“I’m not a fan of remakes for the sake of remakes,” Reuten muses, “but if people are intrigued by a story- if it fascinates people and translates to other countries, like America, for example, then that works. In the Dutch and Danish world we are quite similar and geographically close together, so its much easier to translate projects.”
Last year, Reuten starred in a Dutch remake of a Danish show about an outspoken and rebellious schoolteacher, called Tessa. And, with her latest role in Lucky Man, is it possible that the actress has left film behind for the increasingly popular long-form format?
“I’m always after a story,” reasons Reuten. “It doesn’t matter if there’s a new form I haven’t heard of, its about a good story, it doesn’t even matter what country the story is from. It’s about going and telling that story, that’s what I’m passionate about and why I started acting.
"I’m not a fan of remakes- but if people are intrigued by a story- if it fascinates people and translates to other countries, then it works"
“It could be from my country or from another. Television has to be more like the movies today, in terms of sound and vision and images, as people now watch TV at home on big screens. It’s a big player now – and so important. But, overall, it could be theatre, film or TV – as long as the story is good.”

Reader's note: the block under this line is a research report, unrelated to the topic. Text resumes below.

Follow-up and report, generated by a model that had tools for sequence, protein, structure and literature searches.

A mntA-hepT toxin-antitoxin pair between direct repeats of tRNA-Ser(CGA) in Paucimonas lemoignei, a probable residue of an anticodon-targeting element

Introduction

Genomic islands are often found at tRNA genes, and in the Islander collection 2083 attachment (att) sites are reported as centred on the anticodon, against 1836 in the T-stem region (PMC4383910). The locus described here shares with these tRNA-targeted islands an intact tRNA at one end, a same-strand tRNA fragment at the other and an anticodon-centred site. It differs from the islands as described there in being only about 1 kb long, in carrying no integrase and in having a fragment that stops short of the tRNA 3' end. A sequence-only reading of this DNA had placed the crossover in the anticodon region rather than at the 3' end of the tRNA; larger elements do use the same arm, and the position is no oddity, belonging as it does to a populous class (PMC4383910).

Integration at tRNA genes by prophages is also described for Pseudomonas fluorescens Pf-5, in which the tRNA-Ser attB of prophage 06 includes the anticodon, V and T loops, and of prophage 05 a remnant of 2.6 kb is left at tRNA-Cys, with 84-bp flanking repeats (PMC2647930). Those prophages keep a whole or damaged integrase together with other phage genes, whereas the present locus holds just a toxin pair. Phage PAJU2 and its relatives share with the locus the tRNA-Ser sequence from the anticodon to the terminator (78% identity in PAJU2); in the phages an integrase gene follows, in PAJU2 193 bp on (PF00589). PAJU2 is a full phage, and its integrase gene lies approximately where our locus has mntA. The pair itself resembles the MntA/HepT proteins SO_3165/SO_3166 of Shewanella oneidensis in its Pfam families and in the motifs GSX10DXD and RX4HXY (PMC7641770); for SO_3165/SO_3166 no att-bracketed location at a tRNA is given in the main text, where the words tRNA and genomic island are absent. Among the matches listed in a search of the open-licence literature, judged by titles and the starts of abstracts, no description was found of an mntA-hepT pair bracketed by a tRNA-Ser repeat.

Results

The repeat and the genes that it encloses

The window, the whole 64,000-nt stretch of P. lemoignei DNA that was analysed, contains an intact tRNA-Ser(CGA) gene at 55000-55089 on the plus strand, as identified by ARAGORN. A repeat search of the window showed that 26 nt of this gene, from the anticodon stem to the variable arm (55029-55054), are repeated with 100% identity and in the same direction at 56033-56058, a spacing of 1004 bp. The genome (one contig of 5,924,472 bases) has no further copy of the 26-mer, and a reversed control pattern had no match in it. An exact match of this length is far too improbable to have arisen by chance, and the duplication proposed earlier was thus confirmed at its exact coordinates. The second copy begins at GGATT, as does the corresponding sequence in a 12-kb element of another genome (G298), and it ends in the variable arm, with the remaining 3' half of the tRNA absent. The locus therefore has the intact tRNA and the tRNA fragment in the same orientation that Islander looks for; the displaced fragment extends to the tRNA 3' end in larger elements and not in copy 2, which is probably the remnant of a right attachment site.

Reuten has worked extensively on stage, on television and in films. Most recently, her involvement was announced in Red Sparrow, a Jennifer Lawrence-starring spy thriller that will keep Reuten in Budapest until the end of April.
Alongside such actors as Vincent Cassel, Mads Mikkelsen and Lea Seydoux, Reuten is joining an increasing group of professionals who are leaving their native industries and striking out on the global entertainment market. But just how difficult is it to graduate to the world stage?
“To master the other languages and act in them, to not seem like a foreigner, that’s the skill. I think that we’ll see more people doing this in the future, I hope so at least. I think it’s such a positive thing to do, and we all travel so much anyway. In London today, you listen and can hear so many different languages – and stories told in so many different tongues.
“The difficulty in moving from Holland to Hollywood is in your own attitude,” says Reuten. “I knew what I was doing in the Dutch film industry, so of course I knew what to expect when I started working abroad. But, when you step up onto the global stage, it’s kind of like moving from middle school to high school – you have to start working with these people you’ve been looking up to, the older people.
“For me, it happened very organically. I love languages, and I’ve even had the chance to speak Russian and Arabic in my career. But the European languages – Dutch, German, English, Italian and French – are those which I really love acting in. But, of course, who knows how much longer it’ll be this easy to act across the continent. It’s all a bit scary – as we don’t know what Europe is anymore…”
Stan Lee’s Lucky Man starts tonight on Sky 1